Tuesday, 6 August 2013
Holladay-Halsey (DoubleTree by Hilton Portland)
The interaction of binary tropical cyclones (TC) is examined by conducting numerical simulations with idealized binary vortices in a β-plane using the Weather Research and Forecasting (WRF) model. Relatively high resolution simulations in a wide single domain with a horizontal grid spacing of 10 km are conducted by 144 hours integration to represent realistic dynamic as well as thermodynamic processes of each TC and their interactions. In a simulation with a separation distance of 640 km, two TCs show mutual cyclonic circulations, and the interaction regime is categorized into mostly the elastic interaction regime based on the Dritschel and Waugh's (1992) criterion during their evolution, mainly due to the separation distance of two TCs, except for at the final stage when the regime is changed to partial straining-out by increase in the vortex size of two TCs. The separation distance of two TCs increases up to 880 km until 84 hours, and then no significant variation occurs afterword. The eastern TC moves faster than the western TC by northward tangential velocity from the western TC, while its intensity is weaker than the western TC by the stronger vertical wind shear induced by faster transitional speed. This result is somewhat different from a previous study with the same separation distance, which was categorized into a "partial merger". This difference is likely due to that more realistic dynamic and thermodynamic processes of the two TCs, especially for intensity of TCs, and their interaction can be captured from the present simulation with much finer model resolution as well as improved model physics. In a simulation with a separation distance of 1440 km, no significant interaction between the two TCs occurs and the interaction regime is categorized into elastic interaction, as in the previous low-resolution simulation. Sensitivity of the binary TC's interaction to the background wind and temperature, especially in the upper troposphere and lower stratosphere (UTLS), will be presented in the conference.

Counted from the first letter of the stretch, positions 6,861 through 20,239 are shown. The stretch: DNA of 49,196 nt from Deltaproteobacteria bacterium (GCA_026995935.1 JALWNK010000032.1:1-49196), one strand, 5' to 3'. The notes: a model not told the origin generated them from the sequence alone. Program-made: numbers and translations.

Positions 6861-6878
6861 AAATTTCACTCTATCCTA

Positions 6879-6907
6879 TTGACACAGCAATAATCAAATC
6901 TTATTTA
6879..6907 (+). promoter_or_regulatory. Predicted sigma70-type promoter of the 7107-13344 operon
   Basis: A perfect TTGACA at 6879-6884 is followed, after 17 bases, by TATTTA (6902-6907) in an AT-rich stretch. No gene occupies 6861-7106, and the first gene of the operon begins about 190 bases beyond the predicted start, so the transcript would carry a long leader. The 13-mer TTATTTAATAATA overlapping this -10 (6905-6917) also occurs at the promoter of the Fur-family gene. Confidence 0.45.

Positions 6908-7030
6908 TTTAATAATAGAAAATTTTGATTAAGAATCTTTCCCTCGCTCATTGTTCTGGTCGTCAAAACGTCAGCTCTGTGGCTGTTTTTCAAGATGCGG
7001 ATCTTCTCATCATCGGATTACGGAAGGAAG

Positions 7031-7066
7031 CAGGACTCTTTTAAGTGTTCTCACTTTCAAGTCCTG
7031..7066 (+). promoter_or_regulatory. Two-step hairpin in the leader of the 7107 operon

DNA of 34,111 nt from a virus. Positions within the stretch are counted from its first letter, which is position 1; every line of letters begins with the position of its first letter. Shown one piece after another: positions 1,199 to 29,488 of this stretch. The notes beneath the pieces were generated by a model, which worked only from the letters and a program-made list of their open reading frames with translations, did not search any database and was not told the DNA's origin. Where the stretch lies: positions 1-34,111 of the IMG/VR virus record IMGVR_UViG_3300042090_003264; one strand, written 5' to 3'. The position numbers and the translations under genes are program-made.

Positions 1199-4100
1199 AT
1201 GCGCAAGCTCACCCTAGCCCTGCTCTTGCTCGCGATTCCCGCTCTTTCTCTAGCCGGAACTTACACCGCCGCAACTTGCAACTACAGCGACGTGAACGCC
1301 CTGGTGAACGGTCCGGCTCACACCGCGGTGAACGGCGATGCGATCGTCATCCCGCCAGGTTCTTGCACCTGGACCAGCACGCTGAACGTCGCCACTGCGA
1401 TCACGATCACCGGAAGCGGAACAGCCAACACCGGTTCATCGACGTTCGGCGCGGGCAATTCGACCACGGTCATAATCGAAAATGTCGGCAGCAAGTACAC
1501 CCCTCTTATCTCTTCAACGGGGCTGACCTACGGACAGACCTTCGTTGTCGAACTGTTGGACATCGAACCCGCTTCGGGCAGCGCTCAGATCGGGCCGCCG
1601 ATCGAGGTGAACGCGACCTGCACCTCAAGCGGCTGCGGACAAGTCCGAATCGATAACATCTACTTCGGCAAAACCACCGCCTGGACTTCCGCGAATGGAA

- Indicates paper has been withdrawn from meeting
- Indicates an Award Winner